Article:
|Photo by Roger Farrington
|Access to Justice Awards Luncheon keynote speaker David Cole describes the sacrifices of civil liberties the nation faces in its response to the terrorist attacks of Sept. 11.
In an attempt to protect the United States from another terrorist attack, the country has sacrificed much in terms of its principles but gained little in terms of liberties, according to Professor David Cole of the Georgetown University Law Center.
Cole, a volunteer staff attorney for the Center for Constitutional Rights and author of the new book "Enemy Aliens," addressed civil liberties in the wake of Sept. 11 as the featured guest speaker for the Access to Justice Awards luncheon on Friday, Jan. 23 during Annual Conference 2004.
Cole has argued cases including Texas v. Johnson and National Endowment for the Arts v. Finley before the U.S. Supreme Court, and defended dozens of immigrants charged with being everything from "national security threats" to "advocates of world communism."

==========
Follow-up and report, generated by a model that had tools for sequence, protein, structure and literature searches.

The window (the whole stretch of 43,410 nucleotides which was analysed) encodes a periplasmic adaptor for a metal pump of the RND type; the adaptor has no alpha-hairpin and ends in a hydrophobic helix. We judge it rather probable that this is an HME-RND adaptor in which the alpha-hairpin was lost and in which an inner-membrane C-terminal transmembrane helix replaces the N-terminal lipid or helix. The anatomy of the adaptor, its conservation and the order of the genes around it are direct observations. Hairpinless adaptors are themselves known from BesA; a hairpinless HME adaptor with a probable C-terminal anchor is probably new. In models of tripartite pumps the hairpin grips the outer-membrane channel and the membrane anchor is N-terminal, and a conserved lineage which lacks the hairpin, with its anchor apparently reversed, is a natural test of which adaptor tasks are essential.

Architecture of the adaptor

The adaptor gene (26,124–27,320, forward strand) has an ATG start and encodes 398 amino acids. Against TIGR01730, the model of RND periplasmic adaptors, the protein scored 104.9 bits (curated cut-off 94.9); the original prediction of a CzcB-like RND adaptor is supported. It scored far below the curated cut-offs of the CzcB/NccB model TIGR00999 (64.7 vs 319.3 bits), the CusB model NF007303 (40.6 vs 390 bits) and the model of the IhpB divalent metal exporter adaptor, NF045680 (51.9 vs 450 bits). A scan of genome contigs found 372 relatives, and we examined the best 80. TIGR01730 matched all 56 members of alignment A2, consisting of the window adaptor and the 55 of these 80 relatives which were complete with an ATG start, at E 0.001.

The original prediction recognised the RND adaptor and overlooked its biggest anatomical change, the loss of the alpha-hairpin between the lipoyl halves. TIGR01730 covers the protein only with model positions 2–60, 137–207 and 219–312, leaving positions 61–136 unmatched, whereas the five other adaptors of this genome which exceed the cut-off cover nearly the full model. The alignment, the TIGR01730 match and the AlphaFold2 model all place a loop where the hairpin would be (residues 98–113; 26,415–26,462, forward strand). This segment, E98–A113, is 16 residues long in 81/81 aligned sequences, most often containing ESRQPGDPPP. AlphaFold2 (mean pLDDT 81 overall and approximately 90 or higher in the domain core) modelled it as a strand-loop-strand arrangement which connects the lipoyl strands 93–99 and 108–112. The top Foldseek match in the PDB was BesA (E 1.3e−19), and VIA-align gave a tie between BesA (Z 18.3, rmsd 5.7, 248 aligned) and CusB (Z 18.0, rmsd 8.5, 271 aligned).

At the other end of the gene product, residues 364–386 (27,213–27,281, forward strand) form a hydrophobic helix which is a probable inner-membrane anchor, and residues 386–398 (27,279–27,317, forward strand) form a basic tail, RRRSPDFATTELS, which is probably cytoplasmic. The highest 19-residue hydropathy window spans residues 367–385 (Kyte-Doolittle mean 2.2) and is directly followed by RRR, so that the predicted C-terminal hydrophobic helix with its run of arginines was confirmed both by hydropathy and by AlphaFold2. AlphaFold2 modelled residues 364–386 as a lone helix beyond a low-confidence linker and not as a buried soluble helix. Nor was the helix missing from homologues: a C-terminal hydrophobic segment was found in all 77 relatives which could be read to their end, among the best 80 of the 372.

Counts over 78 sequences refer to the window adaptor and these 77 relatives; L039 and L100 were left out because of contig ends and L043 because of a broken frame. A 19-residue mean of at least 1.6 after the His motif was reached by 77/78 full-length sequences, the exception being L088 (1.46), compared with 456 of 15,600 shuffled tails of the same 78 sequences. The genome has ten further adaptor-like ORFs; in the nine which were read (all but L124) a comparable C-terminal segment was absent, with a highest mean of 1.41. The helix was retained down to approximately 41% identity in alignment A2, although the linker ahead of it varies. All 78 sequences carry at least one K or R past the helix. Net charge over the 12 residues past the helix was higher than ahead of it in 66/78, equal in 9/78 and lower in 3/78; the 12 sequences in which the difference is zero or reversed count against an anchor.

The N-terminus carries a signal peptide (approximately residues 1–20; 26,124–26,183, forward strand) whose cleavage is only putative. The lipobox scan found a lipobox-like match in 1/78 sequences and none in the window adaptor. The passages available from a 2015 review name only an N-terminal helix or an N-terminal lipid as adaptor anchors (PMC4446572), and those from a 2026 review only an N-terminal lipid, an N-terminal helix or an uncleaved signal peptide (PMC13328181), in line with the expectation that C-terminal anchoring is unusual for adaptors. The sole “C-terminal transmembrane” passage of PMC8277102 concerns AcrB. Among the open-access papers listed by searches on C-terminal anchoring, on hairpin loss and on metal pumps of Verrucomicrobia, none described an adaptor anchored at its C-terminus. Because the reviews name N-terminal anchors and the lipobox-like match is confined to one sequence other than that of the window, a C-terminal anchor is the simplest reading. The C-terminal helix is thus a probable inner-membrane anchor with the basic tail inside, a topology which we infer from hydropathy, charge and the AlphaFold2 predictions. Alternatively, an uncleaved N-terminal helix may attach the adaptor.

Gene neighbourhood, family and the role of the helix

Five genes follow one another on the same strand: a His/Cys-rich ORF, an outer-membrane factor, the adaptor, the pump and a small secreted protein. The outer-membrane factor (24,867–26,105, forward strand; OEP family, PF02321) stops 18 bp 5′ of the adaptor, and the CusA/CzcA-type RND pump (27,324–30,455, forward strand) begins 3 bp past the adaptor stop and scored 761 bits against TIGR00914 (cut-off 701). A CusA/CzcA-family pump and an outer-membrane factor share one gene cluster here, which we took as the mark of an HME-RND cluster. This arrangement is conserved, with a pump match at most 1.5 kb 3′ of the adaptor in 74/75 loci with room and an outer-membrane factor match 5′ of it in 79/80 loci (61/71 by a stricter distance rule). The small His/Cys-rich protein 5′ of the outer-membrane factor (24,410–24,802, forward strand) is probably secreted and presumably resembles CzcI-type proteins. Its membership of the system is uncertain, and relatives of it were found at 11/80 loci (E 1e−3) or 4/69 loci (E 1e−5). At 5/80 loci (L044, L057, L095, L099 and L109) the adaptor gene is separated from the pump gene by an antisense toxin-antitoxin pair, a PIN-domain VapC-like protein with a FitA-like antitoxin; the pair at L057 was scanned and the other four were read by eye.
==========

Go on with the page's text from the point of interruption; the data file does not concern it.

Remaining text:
In evaluating what the country has lost in terms of its civil liberties in the name of prevention, Cole said three issues are at stake: equality, fair proceedings and transparency.
The manner in which the government has detained foreign nationals has caused the country to give up on the principle of equality and consistency in the name of developing double standards to recalibrate the balance between liberty and security, Cole said.
Secondly, Cole said, foreign nationals have not been allowed fair proceedings, sacrificing the ability to determine guilt from innocence.
Third, the secrecy with which proceedings against foreign national are taking place - from arrests through trials - is causing the country to sacrifice yet another core value of its judicial system - openness.
"If we give up on the rule of law, we give up on the legitimacy that goes with the rule of law," Cole said.
"We have sacrificed much in terms of principles and gained little in terms of liberties," Cole said. "Part of the solution is not through the preventative detention of thousands of people, not through ethnic profiling … rather it is a commitment to justice, to fairness and to the rule of law."